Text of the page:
If USA, South Korea and Japan decide to pre-emptively strike the North Korean nuclear and missile programs, it would be the largest air and missile campaign the world has seen in decades. With most of the US strategic assets tied to the Far East, Russia would have the best window of opportunity it has had in a long time."
"The S&P is selling at 25 times trailing 12 months’ earnings, compared to a long-term average of 15, while the adjusted Shiller price earnings ratio, which averages profits over 10 years, is approximately 30 times. The period of monetary
accommodation may well be coming to an end. Geopolitical problems remain widespread and are proving increasingly difficult to resolve. We therefore retain a moderate exposure to equity markets and have diversified our asset allocation towards equity
investments where value creation is driven by some identifiable catalyst or which are exposed to longer-term positive structural trends. We have a particular interest in investments which will benefit from the impact of new technologies, and Far Eastern markets, influenced by the growing demand from Asian consumers"
"In the short term, what's not to like? But there comes a point when you realize that you've been funding this on credit, that you've been depending on external assistance, and that your productivity has fallen further and further behind until you've got to the stage that we've now reached where it takes 4 Germans to work the same hours as 3 Americans. And that in the long term that is just not sustainable. Europe now that it's in a globalized economy competing against China and India and indeed North America, finds that it is shrinking precipitously. In the 1970s, in 1974, Europe accounted for 36%, or Western Europe, for 36% of World GDP. Today it's 25%, 10 years from now it will be 15%. That is an extraordinary decline, over a period when the US share of world GDP has remained pretty steady, round about 26%. So there was always going to be a reckoning and I'm afraid that reckoning has come now."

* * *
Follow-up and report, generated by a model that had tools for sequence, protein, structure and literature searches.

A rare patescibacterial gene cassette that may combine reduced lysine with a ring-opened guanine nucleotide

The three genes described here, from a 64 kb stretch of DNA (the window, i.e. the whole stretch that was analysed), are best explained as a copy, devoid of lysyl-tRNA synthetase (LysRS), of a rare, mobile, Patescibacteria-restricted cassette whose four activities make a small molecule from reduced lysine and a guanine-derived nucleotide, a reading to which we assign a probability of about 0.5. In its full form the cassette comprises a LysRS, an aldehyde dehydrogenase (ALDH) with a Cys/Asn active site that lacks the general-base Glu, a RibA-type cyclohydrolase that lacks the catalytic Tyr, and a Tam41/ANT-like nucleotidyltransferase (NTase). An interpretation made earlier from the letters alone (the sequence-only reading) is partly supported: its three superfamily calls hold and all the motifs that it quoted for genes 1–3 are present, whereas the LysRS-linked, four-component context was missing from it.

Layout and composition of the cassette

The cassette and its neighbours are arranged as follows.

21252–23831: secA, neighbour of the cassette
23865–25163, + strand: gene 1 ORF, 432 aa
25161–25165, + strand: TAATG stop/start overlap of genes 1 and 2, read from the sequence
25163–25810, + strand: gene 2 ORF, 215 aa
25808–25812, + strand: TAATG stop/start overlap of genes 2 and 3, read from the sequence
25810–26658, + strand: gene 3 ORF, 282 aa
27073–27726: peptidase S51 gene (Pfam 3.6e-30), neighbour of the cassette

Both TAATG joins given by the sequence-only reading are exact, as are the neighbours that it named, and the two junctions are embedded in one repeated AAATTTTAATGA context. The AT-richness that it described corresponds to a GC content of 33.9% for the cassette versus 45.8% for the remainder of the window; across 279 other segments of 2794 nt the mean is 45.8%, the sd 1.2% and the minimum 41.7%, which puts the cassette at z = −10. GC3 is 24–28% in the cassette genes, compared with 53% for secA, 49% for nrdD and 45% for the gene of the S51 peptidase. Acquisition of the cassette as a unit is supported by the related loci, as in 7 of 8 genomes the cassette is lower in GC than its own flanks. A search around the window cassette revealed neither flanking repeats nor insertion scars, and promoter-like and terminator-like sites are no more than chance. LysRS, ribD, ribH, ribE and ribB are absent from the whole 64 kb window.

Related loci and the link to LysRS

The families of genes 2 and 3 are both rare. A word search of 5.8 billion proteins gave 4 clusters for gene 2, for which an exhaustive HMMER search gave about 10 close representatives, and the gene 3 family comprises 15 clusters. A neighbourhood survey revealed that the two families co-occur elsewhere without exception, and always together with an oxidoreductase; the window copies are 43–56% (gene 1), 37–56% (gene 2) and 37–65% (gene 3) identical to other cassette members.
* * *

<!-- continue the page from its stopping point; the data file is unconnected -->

-- Daniel Hannan https://youtu.be/Ufyov9RO8I0?t=648
the truth is a terrible thing but not compared to falsehood
"Freedom in America is always about government NOT doing something, while in Europe government is defined as a protector of these freedoms. This shows up clearly with respect to stating an opinion at a US company. There is no protection of free speech on private property in the US. I first encountered this when our company got bought by an American one and they insisted that religion and politics should not be discussed at work. It surprised them that such a demand was illegal in Norway. Private property does not trump everything else as it often seems to do in the US."